Day 4 or 5 - Radiation Treatment Process
You will report to the Francis H. Burr Proton Therapy Center where you will be walked through the radiation treatment process. Here is a video that will walk you through the treatment process. This practice meeting or simulation lasts about one half hour. Please do not use any eye ointment prior to this appointment. This meeting is a very important part of planning your radiation treatments. You can leave Boston after your meeting at the proton therapy center is complete.
You can resume your prescription medications the day you leave the hospital.
You will be given eye drops and eye ointment to use two times each day – once in the morning and once in the evening. The eye drops will dilate your eye so it can rest and heal, and the eye ointment is an antibiotic that will prevent infection. When you begin proton beam radiation, you can use the eye drops one time per day in the morning and the ointment one time per day in the afternoon. When you finish treatments, continue using the eye drops once a day for one week, and the eye ointment twice a day until the tube is empty. It is normal for your eye to be red and irritated. You should feel free to use artificial tears for this irritation.
You will be wearing a white cotton patch on your eye for about five days after surgery. You will need to wear the metal shield for bedtime use for a week, to protect the eye while you sleep.
Avoid strenuous activity after surgery and for a week after proton beam therapy. It is all right to immediately continue normal activities including showering, washing your hair and shaving. There are no restrictions on sex, but you should not bend or lift heavy objects until after proton beam therapy. If you have a personal fitness program, ask the doctor at the Proton Beam Center when you can resume that activity.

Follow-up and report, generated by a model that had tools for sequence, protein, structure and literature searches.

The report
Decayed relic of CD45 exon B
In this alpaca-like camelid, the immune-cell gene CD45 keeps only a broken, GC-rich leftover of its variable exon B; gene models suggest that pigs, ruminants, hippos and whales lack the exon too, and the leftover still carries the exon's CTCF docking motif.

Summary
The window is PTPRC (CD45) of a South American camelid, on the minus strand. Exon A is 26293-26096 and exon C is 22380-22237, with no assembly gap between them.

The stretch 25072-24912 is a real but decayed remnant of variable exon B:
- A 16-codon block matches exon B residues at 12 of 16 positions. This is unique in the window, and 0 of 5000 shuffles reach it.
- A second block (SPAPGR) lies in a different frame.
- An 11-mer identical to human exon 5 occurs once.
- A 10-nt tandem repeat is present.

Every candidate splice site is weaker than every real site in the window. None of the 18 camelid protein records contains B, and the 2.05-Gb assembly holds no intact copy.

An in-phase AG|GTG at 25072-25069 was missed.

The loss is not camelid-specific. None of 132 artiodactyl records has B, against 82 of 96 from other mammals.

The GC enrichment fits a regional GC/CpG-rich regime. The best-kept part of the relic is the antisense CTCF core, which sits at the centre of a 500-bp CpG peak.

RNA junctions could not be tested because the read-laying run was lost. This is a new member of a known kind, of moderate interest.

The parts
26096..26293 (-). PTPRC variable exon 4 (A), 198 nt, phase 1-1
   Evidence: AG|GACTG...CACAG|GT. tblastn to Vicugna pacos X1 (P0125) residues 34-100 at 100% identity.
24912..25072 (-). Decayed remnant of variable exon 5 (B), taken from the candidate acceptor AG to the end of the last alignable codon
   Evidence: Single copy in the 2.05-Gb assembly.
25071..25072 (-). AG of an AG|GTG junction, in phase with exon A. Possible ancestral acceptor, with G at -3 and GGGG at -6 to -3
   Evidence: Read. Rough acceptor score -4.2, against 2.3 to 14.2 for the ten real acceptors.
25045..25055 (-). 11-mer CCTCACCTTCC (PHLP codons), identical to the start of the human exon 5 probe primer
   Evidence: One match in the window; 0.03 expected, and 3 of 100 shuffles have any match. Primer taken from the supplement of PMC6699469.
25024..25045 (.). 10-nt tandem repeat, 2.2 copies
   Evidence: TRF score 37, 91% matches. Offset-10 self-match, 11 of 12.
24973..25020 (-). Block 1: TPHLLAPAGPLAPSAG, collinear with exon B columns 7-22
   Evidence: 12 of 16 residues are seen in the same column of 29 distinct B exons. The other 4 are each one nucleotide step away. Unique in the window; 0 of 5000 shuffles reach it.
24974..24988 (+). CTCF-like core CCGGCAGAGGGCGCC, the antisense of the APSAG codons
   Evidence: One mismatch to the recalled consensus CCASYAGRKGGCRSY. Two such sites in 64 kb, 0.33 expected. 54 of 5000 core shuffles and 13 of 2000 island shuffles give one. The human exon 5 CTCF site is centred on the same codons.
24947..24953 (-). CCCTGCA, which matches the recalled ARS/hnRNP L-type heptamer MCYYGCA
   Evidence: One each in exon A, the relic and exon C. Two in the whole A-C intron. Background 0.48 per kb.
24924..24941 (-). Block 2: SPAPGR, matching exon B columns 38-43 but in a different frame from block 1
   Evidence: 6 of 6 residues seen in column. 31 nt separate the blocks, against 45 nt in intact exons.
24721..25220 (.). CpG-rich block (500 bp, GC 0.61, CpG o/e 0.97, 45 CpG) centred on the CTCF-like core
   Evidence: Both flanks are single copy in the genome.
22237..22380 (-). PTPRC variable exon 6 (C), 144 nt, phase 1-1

Your Next Appointment
In about six weeks, after you finish proton beam radiation, you will need to follow-up with your local retina specialist or your doctor at Mass. Eye and Ear. At six months, you will need to return to Mass. Eye and Ear for an appointment where you will only need to be in Boston for the day. This examination will include an office visit and may include an ultrasound, fluorescein test and photographs. You will be given this appointment prior to leaving Mass. Eye and Ear on Day 3.
It is very important for you to have repeat blood tests of your liver function one year after treatment and every year after that. The purpose of the blood test is to check for spread of the tumor to your liver. You can arrange this test with your own doctor or have the test done on the day of your follow-up visits here in Boston. Please ask your local medical doctor to keep this office informed of any changes in your general health.
NOTE: The tantalum rings which are placed in your eye are NON MAGNETIC. They do not affect an MRI or airport security. Read "Safety and Effectiveness of MRI After Proton Beam Irradiation."